California City’s Defense of Marijuana Dispensary Struck Down in Federal Court

A federal magistrate judge has taken the side of prosecutors in dismissing a lawsuit brought by Oakland city attorneys, who had attempted to argue that a federal agent shutdown of the country’s biggest medical marijuana dispensary was illegal. marijuana1.jpg

Our Los Angeles medical marijuana attorneys understand that the city had tried to sue on behalf and in defense of Harborside Health Center in a first-of-its-kind action that was a testimony to the symbiotic relationship the dispensary had with its community.

The magistrate judge, however, sided with prosecutors on the basis that the city lacked any standing or authority in the case. The fact that the prosecution’s action came far beyond the five-year statute of limitations in the case or that more than 100,000 medical marijuana patients in the vicinity were forced to get their medicine on the black market made no difference.

Steve DeAngelo, owner of Harborside, said the case was essentially turned on a technicality, adding that while respectful of the position the judge was in, minute procedural details shouldn’t take precedence over the well-being of an entire community.

Oakland’s defense of the dispensary, which was formally filed last October, is rare. Typically, you will not see city leaders or governments willing to go to bat for medical marijuana rights. Despite the stinging defeat, we are encouraged by the fact that it represents a shifting in cultural attitudes with regard to medical cannabis.

The city had argued that aside from the fact that the dispensary had been abiding by state and local laws, shuttering of the operation would cause major harm to the city – not only patients, but everyday operations. The firm pays in excess of $1 million in taxes annually.

So now, the door is open for federal prosecutors to proceed with a forfeiture action against Harborside.

City attorneys are extremely frustrated. They say that the court’s approach makes little sense. On one hand, the city can’t file a separate suit and must instead file a complaint within the existing federal forfeiture case. However if it did so, such a claim would be tossed, as the city doesn’t have a valid financial interest in the building itself.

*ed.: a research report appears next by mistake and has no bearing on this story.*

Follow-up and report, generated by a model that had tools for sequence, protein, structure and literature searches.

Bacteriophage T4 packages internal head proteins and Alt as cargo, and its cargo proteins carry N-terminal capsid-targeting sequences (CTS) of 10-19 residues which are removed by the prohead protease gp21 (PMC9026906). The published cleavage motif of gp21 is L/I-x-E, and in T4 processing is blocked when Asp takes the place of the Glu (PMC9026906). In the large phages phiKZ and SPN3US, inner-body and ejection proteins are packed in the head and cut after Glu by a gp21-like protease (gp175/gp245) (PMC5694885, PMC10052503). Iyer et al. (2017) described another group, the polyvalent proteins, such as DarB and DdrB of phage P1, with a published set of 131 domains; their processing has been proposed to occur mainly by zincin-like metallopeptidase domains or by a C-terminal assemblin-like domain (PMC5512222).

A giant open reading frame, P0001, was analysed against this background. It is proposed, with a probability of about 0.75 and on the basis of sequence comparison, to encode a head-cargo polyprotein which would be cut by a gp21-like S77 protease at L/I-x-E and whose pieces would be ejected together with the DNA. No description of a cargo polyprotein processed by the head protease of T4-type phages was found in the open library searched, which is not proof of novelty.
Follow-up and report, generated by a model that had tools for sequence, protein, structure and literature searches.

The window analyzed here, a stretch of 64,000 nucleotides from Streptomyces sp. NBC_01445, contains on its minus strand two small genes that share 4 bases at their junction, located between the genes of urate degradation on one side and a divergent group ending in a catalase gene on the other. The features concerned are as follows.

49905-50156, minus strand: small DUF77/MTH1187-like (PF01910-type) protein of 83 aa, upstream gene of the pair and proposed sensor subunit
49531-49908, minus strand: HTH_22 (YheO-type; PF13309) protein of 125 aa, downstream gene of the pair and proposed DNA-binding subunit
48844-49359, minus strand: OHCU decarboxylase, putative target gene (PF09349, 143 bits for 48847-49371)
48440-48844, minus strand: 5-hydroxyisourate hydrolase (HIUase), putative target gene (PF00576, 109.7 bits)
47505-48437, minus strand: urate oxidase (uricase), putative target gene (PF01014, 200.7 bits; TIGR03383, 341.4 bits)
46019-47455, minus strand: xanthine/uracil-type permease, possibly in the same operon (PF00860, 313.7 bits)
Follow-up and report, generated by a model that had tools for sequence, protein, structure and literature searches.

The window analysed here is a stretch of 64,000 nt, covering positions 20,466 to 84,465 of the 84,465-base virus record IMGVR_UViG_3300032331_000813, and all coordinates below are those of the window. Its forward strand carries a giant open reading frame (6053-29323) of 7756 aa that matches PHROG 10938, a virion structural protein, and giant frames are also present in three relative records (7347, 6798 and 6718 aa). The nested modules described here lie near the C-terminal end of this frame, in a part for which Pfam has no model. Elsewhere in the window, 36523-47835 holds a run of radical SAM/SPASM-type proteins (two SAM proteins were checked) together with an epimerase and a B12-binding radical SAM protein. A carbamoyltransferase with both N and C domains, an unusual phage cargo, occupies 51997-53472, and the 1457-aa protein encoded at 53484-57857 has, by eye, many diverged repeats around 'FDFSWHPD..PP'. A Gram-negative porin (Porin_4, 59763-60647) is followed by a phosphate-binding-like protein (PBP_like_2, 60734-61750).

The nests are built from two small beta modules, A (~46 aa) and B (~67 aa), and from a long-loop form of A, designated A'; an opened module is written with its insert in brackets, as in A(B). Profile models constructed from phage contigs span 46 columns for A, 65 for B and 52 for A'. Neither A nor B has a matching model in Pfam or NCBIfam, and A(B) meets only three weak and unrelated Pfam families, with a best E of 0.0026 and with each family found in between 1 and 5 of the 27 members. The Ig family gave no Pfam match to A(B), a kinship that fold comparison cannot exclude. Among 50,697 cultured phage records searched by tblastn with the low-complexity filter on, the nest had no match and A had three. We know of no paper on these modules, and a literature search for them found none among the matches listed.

As one attorney lamented, the city and its citizens essentially have no means to seek recompense for their grievances with regard to the harm inflicted by this forfeiture action.

“I seriously doubt that Congress intended that the forfeiture statute would disenfranchise a large city,” Oakland Attorney Cedric Chao was quoted as saying in The Raw Story, adding that the justice in this case seemed more akin to what one might expect in Siberia – not the U.S.

Previously, state judges had ruled that Harborside’s landlord was not allowed to evict the firm for activities that were protected under state law. But this was simply an affirmation that state courts have to enforce state law (which seems a simple enough concept, though it’s too often been lost in all of this).

Federal law is a whole different ball game.

Perhaps the strongest argument for Harborside will continue to be the statute of limitations. There is ample evidence that federal prosecutors were well aware of Harborside and its activities since at least 2006. However, we don’t know yet if that is going to be enough for the owner to fend off allegations filed under the Controlled Substances Act.

The Los Angeles CANNABIS LAW Group represents growers, dispensaries, collectives, patients and those facing marijuana charges. Call us at 714-937-2050.

Additional Resources:
Judge rules against Oakland in medical marijuana lawsuit, Feb. 14, 2013, By Lee Romney, Los Angeles Times
Judge dismisses City of Oakland lawsuit defending nation’s largest pot shop, Feb. 15, 2013, By Stephen C. Webster, The Raw Story
More Blog Entries:
California Medical Marijuana Ban: State Supreme Court Hears the Case, Feb. 9, 2013, Los Angeles Marijuana Lawyer Blog